x = uart_bitstream(msg, Nsamp=Nsamp, idle_bits=2, smooth=smooth)
N = len(x)
s = np.array(list(lfsr_output(field,
initial_state=init_state,
nbits=N)))*2-1
return x, x*s

def show_dsss(msg, field, Nsamp=16, smooth=False):
fig = plt.figure()
x,xs = transmit_uart_dsss(msg, field, Nsamp=Nsamp, smooth=smooth)
N = len(x)
show_fft_real(x, fig=fig, dbref=N)
ax_time, ax_freq = show_fft_real(xs, fig=fig,
style=('.','-'),
markersize=2.0,
dbref=N)
ax_freq.legend(['$x(t)$','$x_s(t)$'],labelspacing=0,loc='best')

H1053 = GF2QuotientRing(0x1053)
assert checkPeriod(H1053,4095) == 4095

show_dsss("Hi!", field=H1053, Nsamp=16, smooth=True) Here the reduced spectral density isn’t immediately obvious, but let’s crank up the spreading factor to 128:

show_dsss("Hi!", field=H1053, Nsamp=128, smooth=True) Now, in the real world, the DSSS modulation would happen before the edge-transition smoothing: just XOR the PN sequence with the desired data waveform. But the idea’s the same. We spread the spectrum out smoothly:

show_dsss("Hi!", field=H1053, Nsamp=128, smooth=False) Now let’s model the receiver. We’re going to sidestep the problem of synchronizing the PN sequence as well as the bit boundaries, and pretend that our receiver already knows where both are, so that we can just use the following procedure:

• Take received waveform $y(t) = x_{s}(t) + d(t)$ and multiply by the PN sequence $s(t)$ to get $x_r(t) = s(t)y(t)$
• Integrate $y(t)$ over each bit boundary
• Output a 1 if the integration result is positive, otherwise output a 0

In reality, the process of synchronizing PN at the receive side is nontrivial. It’s one thing to have a nice clean signal where we can look at bits and try to find a stretch of them where the data bit didn’t change, so that $y(t) = s(t)$, and then just use state recovery techniques described in part VIII. But spread-spectrum is typically used in situations where the signal is buried among other competing signals, so some kind of fancy correlator gets used that figures out how to align things. (That’s my way of handwaving because I don’t really know an elegant way to get this done.) The UART side of things isn’t too fancy — just a state machine to sample multiple times per bit and synchronize to the data bit pattern by finding the start and stop bit — but since it’s not relevant to the concept at hand, I’ll just pretend we can skip that part.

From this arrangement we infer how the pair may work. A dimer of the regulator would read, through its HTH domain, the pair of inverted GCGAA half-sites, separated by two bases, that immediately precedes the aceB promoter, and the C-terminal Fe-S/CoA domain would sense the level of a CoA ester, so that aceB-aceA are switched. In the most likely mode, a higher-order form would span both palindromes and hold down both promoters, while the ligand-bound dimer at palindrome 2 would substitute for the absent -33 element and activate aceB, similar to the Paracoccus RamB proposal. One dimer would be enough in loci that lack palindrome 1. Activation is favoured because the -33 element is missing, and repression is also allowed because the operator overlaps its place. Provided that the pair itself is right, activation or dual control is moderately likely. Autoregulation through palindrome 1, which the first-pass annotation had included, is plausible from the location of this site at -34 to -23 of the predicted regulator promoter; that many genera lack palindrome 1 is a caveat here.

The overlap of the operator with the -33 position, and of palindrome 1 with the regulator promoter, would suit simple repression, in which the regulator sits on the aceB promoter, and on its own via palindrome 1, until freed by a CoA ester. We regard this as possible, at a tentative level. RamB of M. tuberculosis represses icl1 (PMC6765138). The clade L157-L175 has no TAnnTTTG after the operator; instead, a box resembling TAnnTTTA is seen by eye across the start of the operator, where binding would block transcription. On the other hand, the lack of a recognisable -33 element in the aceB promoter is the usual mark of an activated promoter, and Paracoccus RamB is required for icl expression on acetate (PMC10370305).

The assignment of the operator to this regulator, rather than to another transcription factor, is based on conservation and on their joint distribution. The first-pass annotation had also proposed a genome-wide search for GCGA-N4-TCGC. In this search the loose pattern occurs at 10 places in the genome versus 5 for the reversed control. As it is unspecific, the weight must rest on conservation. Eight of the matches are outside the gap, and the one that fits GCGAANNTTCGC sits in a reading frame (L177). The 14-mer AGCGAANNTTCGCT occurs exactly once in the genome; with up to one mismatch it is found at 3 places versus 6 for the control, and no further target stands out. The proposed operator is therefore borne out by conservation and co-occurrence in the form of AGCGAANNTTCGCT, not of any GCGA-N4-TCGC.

With no noise, it’s kind of boring. Here’s an example:

return_raw_bits=False):
N = len(bitstream)
if field is None:
xr = bitstream
else:
s = np.array(list(lfsr_output(field,
initial_state=initial_state,
nbits=N)))*2-1
xr = bitstream*s
# Integrate over intervals:
#   - cumsum for cumulative sum
#   - decimate by Nsamp
#   - take differences
#   - skip first sample
xbits = (xr.cumsum().iloc[::Nsamp].diff()/Nsamp).shift(-1).iloc[:-1]
if return_raw_bits:
return xbits
#   - test whether positive or negative, convert to 0 or 1
xbits = (xbits > 0).values*1
# now take each stretch of 10 bits,
# grab the middle 8 to drop the start and stop bits,
# and convert to an ASCII coded character
msg = ''
for k in xrange(0,10*(len(xbits)//10),10):
bits = xbits[k+1:k+9]
ccode = sum(bits[j]*(1<<j) for j in xrange(8))
msg += chr(ccode)
return msg

def error_count(msg1, msg2):
errors = 0
for c1,c2 in zip(msg1, msg2):
if c1 != c2:
errors += 1
return errors

def signal_energy(signal, t=None):
if t is None:
t = signal.index
return np.trapz(signal**2, t)

def error_count_msg(msg1, msg2):
err = error_count(msg1, msg2)
return err, "%d errors out of %d bytes" % (err, len(msg1))

msg1 = '''"The time has come," the Walrus said,
"To talk of many things:
Of shoes---and ships---and sealing-wax---
Of cabbages---and kings---
And why the sea is boiling hot---
And whether pigs have wings."'''
x,xs = transmit_uart_dsss(msg1, H1053, Nsamp=128)
print msgr
print error_count_msg(msg1, msgr)
print "signal energy:", signal_energy(x)
"The time has come," the Walrus said,
"To talk of many things: